The mountains of Vermont are filled with farms of every type. Part of the joy of living in the Green Mountain State is the bounty of farm-fresh food that is available. Although the land can be cold and unyielding for 6 months or more of the year, after mud season (an additional season between spring and summer that we Vermonters have) the farmers rally and the earth bursts forth with every imaginable crop.
Last weekend, Vermont held their 3rd annual Cheesefest. As a prelude to covering this festival, I visited several cheese farms. And from there an idea sprung forth, Farm Friday! If Twitter followers can sprinkle the hastag #FF thru tweets on Fridays then surely I can introduce you to one Green Mountain State Farm every Friday (#farmfriday- @ramblingstump).
This week’s farm, Sage Farm Goat Dairy , (2248 West Hill Rd. Stowe, VT) is located on 26 acres of woodland and pasture in Stowe. A small production farm, Sage Farm Goat Dairy has a herd of less than 20 goats and yet they produce some of the best goat cheeses I’ve had the opportunity to try. The farm is open to visitors on Mondays and Saturdays from 12-4 (April-November). Visitors can see the cheesemaking space, barns, and the goats. If you have a large group, please contact them in advance at 802.760.0943. Also, please be respectful of the fact that the farm is also the owner’s home.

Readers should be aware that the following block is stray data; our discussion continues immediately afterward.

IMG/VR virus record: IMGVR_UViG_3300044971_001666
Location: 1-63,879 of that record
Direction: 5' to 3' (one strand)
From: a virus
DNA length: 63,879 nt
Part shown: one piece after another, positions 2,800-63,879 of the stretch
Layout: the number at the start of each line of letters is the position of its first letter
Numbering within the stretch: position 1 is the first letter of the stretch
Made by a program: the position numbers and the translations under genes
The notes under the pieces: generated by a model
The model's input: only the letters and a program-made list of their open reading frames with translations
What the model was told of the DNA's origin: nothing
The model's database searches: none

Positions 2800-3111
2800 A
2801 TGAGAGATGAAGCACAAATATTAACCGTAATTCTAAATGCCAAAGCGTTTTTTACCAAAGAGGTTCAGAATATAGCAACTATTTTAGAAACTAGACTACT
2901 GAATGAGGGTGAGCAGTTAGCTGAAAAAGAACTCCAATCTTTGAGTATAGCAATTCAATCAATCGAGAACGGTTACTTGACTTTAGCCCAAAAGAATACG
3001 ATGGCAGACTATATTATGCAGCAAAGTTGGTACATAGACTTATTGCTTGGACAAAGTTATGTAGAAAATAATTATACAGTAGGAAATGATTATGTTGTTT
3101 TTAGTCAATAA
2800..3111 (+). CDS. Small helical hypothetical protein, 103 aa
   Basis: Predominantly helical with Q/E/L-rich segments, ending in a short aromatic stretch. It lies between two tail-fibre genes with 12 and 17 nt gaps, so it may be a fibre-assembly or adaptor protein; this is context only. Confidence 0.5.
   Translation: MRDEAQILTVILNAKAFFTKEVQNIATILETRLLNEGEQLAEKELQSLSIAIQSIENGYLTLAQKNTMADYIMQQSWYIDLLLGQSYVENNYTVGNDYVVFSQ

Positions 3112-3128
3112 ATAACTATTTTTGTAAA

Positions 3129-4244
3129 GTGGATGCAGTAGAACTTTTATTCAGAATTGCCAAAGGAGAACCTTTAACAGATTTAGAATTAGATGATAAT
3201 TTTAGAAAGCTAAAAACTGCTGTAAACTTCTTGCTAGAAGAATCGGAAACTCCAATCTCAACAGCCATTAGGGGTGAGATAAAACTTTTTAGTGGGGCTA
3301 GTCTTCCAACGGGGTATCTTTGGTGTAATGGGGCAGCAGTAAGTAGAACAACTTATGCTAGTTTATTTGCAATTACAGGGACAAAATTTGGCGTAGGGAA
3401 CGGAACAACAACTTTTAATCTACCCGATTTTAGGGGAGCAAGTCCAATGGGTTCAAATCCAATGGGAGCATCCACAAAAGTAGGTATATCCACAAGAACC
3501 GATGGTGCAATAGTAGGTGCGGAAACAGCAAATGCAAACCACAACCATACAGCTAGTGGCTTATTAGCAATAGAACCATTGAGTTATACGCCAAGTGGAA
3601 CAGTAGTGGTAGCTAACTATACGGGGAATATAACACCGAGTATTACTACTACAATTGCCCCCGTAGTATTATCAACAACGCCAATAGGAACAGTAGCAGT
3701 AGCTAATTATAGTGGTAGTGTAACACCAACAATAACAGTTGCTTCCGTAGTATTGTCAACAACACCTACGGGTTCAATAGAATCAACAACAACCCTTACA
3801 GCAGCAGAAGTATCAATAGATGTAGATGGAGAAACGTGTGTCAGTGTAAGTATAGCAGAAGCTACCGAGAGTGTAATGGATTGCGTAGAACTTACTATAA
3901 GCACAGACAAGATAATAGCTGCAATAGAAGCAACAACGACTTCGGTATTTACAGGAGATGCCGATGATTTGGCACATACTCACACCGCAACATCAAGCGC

That’s right- Sage Farm Goat Dairy is a small family farm. Run by two sisters who grew up a stone’s throw away from my hometown (Wilton, NH) in Keene, NH – the farm is a family affair. The sisters, along with their husband and boyfriend, run the farm and the cheesemaking operations. I arrived at the farm with my 10 month old in tow and was greeted by Katie, who led us on a little tour. One of Katie’s nieces waved shyly at the baby as we walked out to the fields to see the goats.
The farm kept three of the babies this year. Bottle-fed, they are incredibly friendly, and have a taste for shoelaces! After oohing and aahing over their cuteness, we were off to the cheesemaking room. The cheesemaking room and barn are tied into the solar panels you’ll see next to them. The farm produces about ¾ of their power from these panels.
We were able to learn about their processes and see some of their Black Madonna cheese aging.
Cheese is available for sale on the farm. Little Y picked out some chive chevre for us to take home. She seemed to enjoy the cool cement floor after our time out in the 90 degree weather.
Sage Farm Goat Dairy is definitely worth a stop if you are in the Stowe area. It is located a short and beautiful 10 minute drive from Stowe’s downtown.
For more to do in Stowe VT check out these other Traveling Mom’s takes:
What do you think of visiting farms? Is it something your family would do on a vacation or closer to home?